Shared human experiences of suffering will nearly always translate into new and emerging capacities for empathy. And where empathy exists, there is hope for all humanity.
Being with another person or group of people in their suffering creates a Grinch-like transformation in which our hearts suddenly enlarge. A single tear from a singular small little Who girl in Whoville had the power to penetrate years of hardness of heart and change what everyone thought was a shriveled soul full of garlic and gunk.
Said a different way: The spiritual and emotional heart of a human being is able to shrink or expand. It shrinks from spending far too much time alone and/or holding others at bay, at arms-length, while playing the armchair critic to those who are out rubbing shoulders with real flesh and blood people.
The Grinch never went back to his isolation. Instead, he did what Whoville thought was the unbelievable: The Grinch fully participated in the joy of the community, up close and personal. It was a full-bore holding of hands, singing, and eating – which illustrates a conviction I’ve held for a long time:
Hospitality, that is, showing love to outright strangers through celebrative participation with food and drink, has the power to change the world.
Hospitality cannot happen from afar. Sitting around the table with strangers and interacting with them is needed. It alters our perspectives so that we live our shared humanity. It is rather difficult to hate someone when you get to know them and discover their loves and joys, hurts and wounds.
This all leads toward asking one of the most fundamental and basic biblical questions that must be asked by every generation and considered by everyone who respects God and/or the Christian Scriptures:
Am I able to see the image of God in someone very different from myself?
The Christian doesn’t have to go very far to answer this one, at least from an objective cerebral perspective. Jesus saw the humanity in everyone he encountered, from Jew to Gentile, from sinner to saint. In fact, Jesus saw this image so deeply within another that he sat around the table and ate with people whom others saw as not worthy to eat with. Jesus’ willingness to participate in the hospitality of strangers was downright scandalous. It isn’t a stretch to say that it got him killed.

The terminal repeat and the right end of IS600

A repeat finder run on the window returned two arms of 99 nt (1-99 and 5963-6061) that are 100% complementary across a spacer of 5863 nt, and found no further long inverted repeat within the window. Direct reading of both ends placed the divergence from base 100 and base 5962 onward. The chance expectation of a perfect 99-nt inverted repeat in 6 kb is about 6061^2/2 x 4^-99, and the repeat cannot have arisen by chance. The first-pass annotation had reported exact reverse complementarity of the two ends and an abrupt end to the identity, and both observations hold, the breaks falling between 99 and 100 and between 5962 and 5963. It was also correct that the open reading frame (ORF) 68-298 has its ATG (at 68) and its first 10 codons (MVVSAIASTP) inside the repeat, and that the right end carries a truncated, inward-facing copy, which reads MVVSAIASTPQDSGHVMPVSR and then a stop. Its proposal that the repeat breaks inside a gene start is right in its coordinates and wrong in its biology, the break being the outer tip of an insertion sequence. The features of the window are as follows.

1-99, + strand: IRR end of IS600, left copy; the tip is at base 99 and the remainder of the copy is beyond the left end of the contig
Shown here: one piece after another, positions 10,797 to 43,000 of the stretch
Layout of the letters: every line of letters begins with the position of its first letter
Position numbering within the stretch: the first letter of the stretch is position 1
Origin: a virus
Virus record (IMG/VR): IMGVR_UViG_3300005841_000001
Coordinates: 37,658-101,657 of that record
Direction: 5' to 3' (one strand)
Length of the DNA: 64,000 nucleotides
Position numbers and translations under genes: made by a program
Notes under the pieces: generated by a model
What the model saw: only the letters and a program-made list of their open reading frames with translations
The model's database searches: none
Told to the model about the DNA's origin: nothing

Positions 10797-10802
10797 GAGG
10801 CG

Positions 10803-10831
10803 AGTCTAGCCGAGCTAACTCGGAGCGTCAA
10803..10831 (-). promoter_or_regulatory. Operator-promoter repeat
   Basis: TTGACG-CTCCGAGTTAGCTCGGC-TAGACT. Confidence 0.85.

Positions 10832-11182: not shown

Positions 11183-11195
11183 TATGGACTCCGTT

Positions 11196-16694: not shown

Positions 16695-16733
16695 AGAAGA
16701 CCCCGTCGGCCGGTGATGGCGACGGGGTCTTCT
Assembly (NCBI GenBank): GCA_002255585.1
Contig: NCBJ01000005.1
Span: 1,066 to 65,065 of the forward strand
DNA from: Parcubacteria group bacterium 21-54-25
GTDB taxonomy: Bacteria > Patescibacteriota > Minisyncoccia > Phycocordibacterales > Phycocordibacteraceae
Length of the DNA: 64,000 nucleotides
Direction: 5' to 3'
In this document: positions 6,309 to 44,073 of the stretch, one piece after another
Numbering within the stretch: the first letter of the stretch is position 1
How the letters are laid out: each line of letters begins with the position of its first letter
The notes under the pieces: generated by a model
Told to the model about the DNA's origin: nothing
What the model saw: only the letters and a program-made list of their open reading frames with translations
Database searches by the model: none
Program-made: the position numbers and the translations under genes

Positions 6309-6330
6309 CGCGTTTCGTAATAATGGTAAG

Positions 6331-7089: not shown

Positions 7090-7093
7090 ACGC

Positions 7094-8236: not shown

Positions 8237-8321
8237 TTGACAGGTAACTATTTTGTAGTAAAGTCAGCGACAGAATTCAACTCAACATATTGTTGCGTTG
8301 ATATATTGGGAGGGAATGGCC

What’s more, Jesus wept. He cried in public with strangers. For followers of Christ who seek to emulate him in his practical ministry, that point ought to be noticed. After all, we choose to remember and participate in the life of Christ through the elements of bread and wine at the Table. God’s radical hospitality toward us is truly meant to translate to an open heart toward those who look and act differently than me.
The great fourteenth century mystic, Julian of Norwich, a female devotee of Christ and an influential theologian in her own right amongst a world of men who tended to see the image of God in women as flawed, understood what it would take to reawake image-bearing humanity. She stated:
Don’t think for a minute that suffering with and crying with strangers is an easy thing for me. Truth is, crying is not something I typically do, or even like to do. Yet, constrained by the love of God in Christ, and putting myself in a position to feel with the emotions of others in front of me, I allow those tears to come.
Yes, collective experiences of emotion have the power to change the world. Yet, this occurs only if we show up. Perhaps that was the reason for the Christian doctrine of the incarnation: Jesus is our Immanuel, God with us, the One who is present. He showed up, and salvation happened.
And that is what the Philippian Church needed to remember, tap into, and live as one Body of Christ for the life of the world.